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5 Ways to Protect Your Kids While Traveling

In 2020, you probably saw fewer cars on America’s roadways. The pandemic was the culprit. Many people were able to work from home for the first time, so rush hour was not as hectic in most major cities.

Many families were also staying off the roads because they were not taking their customary trips across the country to see their relatives. Thanksgiving, Christmas, the 4th of July, and so forth required a FaceTime interaction so that there was no coronavirus risk.

This year is different. Many of those who were working primarily from home can return to the office, and lots of those holiday trips can probably happen. That’s because many individuals have gotten one of the three vaccines that the FDA has approved, and more will get them in the weeks and months to come.

If you plan on taking a long-delayed trip with your family to see relatives this year, then you’re probably all looking forward to it eagerly. There are some particular steps that you should take, though, to make sure your kids are safe when you travel.

Here are some car trip safety tips that all parents should know.

Get an Appropriate Car Seat

You should get the right car seat for your younger kids if they are the age that requires one. If you were ever in a vehicular accident and the crash damaged your car seat, you should also get an appropriate replacement.

If you’re unsure whether your children need car seats, talk to your doctor about it. The consensus is that kids need car seats up until they are about 8-12 years old. You can also allow them to stop using a car seat if they have reached a height of 4 feet and 9 inches.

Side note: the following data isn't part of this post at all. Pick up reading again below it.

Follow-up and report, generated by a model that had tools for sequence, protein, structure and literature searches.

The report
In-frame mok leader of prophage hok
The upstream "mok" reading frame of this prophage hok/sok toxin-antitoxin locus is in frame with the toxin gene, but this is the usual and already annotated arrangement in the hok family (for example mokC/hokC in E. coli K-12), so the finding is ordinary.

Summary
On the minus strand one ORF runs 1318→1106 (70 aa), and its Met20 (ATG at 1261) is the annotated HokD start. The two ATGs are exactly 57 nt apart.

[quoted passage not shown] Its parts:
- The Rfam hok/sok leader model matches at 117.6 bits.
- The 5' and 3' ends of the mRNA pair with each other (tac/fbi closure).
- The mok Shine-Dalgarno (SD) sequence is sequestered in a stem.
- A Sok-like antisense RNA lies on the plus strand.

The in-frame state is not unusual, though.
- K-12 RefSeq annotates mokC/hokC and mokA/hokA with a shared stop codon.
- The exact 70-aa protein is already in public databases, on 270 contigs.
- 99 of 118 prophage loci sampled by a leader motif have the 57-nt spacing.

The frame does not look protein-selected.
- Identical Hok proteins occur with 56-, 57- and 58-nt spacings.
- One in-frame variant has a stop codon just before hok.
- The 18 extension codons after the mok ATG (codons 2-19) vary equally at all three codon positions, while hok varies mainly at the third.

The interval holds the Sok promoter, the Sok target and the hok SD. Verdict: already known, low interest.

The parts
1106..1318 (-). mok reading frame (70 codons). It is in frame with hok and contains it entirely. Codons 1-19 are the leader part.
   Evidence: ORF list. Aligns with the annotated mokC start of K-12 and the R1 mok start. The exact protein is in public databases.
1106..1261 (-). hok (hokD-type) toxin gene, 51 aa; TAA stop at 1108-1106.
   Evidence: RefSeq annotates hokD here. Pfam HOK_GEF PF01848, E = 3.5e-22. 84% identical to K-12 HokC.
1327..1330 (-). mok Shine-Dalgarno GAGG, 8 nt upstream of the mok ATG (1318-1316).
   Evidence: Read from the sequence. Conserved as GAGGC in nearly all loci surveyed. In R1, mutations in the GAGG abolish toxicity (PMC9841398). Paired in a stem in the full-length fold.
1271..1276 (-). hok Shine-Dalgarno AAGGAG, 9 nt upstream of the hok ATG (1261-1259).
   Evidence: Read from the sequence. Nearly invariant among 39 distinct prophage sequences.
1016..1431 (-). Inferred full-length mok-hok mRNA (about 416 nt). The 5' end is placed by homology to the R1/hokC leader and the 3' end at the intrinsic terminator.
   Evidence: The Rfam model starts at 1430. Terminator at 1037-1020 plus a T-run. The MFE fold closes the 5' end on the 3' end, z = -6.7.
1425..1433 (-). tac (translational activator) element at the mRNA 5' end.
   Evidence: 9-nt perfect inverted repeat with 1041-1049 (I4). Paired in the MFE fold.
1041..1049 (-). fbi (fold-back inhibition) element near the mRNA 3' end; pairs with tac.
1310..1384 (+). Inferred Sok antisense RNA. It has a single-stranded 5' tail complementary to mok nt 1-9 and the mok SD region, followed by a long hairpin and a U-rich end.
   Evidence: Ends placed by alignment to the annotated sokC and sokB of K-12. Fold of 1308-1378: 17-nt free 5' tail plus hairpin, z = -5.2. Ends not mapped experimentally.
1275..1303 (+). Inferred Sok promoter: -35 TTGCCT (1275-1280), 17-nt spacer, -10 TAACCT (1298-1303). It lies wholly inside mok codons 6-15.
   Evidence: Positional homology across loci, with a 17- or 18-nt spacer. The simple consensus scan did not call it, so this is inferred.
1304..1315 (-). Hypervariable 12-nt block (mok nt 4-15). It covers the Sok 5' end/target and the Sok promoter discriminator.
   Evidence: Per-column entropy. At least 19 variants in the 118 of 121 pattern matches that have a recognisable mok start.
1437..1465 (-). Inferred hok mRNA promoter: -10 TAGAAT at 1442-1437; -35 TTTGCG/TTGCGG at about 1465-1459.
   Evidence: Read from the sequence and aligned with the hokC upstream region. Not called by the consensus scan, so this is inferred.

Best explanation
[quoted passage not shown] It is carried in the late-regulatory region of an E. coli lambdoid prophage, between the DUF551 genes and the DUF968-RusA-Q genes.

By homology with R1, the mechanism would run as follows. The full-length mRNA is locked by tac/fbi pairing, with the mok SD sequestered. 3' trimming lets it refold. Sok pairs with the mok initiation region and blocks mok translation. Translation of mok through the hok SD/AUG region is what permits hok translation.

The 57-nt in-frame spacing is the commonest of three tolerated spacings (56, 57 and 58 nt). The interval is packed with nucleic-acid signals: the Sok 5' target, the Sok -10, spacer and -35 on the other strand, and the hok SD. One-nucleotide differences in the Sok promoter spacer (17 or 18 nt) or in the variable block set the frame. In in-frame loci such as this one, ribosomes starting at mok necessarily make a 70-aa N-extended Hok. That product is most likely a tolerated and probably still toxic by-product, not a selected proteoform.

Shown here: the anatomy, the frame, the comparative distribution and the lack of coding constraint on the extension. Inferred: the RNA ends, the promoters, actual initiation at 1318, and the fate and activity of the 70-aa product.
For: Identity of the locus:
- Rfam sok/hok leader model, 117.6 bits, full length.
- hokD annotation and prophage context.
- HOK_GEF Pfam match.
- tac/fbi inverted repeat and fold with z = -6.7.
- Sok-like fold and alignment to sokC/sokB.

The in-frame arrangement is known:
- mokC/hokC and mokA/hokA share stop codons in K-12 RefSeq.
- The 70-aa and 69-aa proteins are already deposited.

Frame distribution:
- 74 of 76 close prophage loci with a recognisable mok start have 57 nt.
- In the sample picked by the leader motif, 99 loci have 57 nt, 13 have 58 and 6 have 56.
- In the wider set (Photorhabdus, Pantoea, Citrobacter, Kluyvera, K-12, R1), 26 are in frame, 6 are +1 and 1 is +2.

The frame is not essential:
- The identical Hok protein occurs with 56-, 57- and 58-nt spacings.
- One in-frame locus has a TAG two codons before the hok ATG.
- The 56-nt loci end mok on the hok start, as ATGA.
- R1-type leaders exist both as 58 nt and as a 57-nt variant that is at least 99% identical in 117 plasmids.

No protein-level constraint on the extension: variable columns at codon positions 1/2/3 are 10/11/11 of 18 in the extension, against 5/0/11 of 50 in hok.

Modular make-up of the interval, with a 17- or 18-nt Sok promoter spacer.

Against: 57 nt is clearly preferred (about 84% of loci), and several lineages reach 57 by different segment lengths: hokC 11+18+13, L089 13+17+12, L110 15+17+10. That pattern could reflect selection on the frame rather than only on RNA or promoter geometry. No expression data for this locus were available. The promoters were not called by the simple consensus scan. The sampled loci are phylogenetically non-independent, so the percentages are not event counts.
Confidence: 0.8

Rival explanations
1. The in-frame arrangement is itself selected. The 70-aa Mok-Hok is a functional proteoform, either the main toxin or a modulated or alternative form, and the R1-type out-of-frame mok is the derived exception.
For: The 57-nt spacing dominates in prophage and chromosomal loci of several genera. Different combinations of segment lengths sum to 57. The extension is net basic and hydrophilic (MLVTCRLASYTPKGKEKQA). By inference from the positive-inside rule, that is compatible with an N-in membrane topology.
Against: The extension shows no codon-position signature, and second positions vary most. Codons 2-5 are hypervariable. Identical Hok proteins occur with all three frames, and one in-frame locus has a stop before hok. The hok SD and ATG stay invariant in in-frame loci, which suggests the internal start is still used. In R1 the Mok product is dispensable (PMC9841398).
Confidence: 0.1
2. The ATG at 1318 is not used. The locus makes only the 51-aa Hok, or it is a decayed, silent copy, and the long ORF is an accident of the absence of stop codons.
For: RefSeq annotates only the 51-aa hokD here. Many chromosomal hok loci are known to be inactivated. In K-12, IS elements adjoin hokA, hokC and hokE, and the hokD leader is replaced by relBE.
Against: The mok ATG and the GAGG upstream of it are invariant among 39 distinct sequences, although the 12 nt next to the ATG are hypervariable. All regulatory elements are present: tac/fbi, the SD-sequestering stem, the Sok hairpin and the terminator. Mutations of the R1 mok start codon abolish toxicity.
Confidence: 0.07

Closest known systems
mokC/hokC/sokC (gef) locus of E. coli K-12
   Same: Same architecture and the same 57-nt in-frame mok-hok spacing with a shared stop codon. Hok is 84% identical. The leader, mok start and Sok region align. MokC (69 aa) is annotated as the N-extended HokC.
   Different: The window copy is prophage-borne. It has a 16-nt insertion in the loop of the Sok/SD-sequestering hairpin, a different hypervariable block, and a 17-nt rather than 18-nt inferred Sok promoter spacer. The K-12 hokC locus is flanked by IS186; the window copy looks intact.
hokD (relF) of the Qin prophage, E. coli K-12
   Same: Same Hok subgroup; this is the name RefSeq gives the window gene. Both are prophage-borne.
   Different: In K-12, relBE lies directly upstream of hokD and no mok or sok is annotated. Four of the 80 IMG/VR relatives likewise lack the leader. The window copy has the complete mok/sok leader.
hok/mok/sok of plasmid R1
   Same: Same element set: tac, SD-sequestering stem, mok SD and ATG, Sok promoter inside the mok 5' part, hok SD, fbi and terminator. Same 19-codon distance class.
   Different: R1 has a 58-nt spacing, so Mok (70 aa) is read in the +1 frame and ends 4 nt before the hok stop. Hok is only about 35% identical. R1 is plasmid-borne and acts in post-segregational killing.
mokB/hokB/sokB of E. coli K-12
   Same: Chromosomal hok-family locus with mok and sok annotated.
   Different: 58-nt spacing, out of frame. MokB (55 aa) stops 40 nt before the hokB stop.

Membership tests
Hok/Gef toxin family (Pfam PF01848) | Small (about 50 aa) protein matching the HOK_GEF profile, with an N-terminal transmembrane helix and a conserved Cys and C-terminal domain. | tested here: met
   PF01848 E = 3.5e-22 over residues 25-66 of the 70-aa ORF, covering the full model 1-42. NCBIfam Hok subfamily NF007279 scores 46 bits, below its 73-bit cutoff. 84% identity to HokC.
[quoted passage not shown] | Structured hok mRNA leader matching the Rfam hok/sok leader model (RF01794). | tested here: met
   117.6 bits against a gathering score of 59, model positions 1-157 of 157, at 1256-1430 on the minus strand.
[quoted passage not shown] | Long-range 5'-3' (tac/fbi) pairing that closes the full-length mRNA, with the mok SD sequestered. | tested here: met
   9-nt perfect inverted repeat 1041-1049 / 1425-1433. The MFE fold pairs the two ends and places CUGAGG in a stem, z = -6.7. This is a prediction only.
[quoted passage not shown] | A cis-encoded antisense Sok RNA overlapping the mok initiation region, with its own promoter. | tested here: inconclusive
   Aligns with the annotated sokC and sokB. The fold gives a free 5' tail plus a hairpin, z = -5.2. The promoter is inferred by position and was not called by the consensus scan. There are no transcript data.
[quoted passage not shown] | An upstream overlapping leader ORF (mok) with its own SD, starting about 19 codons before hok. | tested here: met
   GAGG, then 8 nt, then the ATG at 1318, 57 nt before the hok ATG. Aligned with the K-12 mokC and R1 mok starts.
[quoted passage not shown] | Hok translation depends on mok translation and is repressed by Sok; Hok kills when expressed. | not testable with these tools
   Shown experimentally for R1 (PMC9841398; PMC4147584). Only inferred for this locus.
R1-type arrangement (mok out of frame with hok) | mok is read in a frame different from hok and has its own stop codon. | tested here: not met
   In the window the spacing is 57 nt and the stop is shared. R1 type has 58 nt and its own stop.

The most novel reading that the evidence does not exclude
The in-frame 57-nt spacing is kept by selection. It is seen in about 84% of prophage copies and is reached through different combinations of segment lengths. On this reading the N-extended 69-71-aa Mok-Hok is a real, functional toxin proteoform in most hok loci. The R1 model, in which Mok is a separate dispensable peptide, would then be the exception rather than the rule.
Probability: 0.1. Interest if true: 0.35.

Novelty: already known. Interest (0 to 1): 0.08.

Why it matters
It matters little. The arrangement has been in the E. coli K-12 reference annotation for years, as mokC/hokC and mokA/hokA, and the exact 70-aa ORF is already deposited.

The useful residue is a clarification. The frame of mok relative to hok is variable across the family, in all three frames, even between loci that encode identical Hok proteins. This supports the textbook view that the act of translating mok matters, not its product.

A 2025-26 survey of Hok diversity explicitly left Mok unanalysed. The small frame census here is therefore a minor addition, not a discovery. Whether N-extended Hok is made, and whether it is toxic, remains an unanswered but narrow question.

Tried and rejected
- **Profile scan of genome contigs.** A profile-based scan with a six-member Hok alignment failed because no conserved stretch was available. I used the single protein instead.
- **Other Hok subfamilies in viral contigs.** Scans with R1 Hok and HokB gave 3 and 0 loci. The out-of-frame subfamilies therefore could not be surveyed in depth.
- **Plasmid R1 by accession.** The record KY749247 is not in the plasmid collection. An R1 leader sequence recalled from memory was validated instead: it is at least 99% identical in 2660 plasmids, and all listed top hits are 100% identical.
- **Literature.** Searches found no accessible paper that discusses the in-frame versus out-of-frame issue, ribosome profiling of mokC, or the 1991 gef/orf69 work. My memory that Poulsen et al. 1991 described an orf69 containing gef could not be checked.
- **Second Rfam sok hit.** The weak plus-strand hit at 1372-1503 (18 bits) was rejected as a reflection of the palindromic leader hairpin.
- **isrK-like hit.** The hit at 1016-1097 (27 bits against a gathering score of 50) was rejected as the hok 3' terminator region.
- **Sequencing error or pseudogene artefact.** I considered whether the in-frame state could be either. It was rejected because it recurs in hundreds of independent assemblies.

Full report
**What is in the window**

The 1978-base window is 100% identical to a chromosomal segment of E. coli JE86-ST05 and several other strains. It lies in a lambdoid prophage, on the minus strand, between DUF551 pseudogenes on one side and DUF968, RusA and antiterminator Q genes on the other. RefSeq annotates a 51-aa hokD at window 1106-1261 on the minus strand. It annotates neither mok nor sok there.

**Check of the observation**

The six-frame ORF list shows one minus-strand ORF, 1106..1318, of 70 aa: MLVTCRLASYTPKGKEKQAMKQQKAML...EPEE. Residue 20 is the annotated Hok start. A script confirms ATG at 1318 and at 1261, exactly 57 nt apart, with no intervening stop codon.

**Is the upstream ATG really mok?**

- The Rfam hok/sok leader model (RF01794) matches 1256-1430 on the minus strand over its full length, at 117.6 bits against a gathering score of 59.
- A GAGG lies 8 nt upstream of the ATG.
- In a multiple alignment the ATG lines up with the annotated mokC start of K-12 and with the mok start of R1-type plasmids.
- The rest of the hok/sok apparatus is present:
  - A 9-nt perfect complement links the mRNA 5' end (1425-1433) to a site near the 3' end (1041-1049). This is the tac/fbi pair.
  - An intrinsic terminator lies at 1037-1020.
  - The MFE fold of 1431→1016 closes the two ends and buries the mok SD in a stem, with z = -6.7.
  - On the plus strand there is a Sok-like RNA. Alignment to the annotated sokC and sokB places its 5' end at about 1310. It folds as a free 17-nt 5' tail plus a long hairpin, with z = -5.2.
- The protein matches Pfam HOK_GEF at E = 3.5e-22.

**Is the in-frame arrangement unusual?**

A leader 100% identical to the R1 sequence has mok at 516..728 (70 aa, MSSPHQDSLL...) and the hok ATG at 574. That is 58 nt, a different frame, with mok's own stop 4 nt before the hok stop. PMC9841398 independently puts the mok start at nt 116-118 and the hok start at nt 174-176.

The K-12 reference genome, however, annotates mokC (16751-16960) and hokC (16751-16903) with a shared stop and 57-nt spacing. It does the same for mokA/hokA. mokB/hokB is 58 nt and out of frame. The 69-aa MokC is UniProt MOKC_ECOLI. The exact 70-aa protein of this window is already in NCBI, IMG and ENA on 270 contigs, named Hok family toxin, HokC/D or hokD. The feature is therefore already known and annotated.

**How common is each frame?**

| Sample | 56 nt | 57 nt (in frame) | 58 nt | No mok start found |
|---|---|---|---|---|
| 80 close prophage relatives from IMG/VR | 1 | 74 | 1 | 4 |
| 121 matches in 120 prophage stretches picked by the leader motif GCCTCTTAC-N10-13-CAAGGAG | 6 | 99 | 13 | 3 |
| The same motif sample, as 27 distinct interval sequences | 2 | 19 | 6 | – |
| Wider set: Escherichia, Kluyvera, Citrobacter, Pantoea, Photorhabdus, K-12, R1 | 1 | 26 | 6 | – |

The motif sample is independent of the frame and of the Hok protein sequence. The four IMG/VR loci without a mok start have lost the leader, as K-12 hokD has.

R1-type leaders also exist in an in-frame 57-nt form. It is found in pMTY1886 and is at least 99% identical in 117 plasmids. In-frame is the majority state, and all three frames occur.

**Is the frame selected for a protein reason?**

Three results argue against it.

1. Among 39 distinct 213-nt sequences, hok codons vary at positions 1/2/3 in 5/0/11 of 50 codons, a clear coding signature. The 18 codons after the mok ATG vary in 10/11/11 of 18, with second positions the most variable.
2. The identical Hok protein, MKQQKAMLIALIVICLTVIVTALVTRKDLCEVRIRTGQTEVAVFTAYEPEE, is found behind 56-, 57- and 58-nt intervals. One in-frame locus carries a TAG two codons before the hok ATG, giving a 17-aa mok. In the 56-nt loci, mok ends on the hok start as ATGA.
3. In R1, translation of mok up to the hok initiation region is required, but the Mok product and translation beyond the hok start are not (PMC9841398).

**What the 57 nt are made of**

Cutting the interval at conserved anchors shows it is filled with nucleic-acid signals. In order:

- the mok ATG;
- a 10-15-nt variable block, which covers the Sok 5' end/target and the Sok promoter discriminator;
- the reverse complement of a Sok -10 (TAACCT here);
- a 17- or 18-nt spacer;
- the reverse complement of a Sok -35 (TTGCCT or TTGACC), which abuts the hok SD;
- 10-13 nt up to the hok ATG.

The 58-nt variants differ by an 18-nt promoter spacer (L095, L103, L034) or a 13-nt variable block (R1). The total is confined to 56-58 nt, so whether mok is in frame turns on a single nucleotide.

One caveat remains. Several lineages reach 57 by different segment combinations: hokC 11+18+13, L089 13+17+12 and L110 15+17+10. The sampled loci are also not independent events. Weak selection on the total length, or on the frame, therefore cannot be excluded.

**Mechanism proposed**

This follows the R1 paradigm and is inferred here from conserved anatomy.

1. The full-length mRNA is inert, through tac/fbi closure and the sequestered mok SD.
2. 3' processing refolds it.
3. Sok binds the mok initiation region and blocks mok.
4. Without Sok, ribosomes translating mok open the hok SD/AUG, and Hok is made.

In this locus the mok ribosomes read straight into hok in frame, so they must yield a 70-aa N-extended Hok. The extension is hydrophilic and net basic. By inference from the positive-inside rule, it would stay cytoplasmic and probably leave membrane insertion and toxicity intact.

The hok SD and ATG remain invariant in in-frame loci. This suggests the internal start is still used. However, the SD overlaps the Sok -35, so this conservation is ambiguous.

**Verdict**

Tell Your Kids to Sit in the Back

If you go on a trip and have your spouse or partner along, you two should occupy the front seats. Your younger children should be in the vehicle’s rear seats.

The reason is that when car accidents happen, it’s usually the front two seats that sustain more of the impact than the back seats. It’s not impossible for the back seats to sustain a significant impact as well, but generally speaking, all the experts agree that your younger passengers will be safer in the back.

Stay with Your Kids at Rest Stops

You will also probably stop at some gas stations or rest areas along the way. You might be on a lonely stretch of highway in the middle of nowhere, or maybe you’ve found a busy diner with dozens of truckers and other characters around.

It’s fine to get out and stretch your legs, have a bite to eat, and gas up the car. As you do so, though, make sure that you keep an eye on your kids.

It’s unpleasant to talk about this, but child abductions do happen. They can occur anywhere and at any time.

You don’t need to go through your whole life paranoid, but you should still watch out for your kids when you’re in public, and that certainly applies when you’re on road trips. Accompany your young child to the bathroom, the gift shop, or anywhere else that they wander.

Don’t Let Your Children Talk to Strangers

You should let your kids know that they should not talk to strangers they meet. The person they stop to speak to might not necessarily want to abduct them, but they may not be too friendly either.

You never know the sort of thing that a stranger might say to a child. They may decide to scare them or say something that inadvertently upsets them.

Talk to your young children before you hit the road, and let them know they should not speak openly with the people they meet. The person they decide to talk to might be perfectly friendly, but then again, they may not be.

Tell the Kids to Continue Mask-Wearing and Social Distancing

At the moment, America is still dealing with the pandemic, just as the rest of the world is. We should gradually get it under control as the months pass, and more people get the vaccines, but for now, you don’t know who has had one and who hasn’t.

You’ll need to instruct your kids to wear their masks when they go out in public at rest stops and gas stations. For the moment, they should keep practicing social distancing as well.

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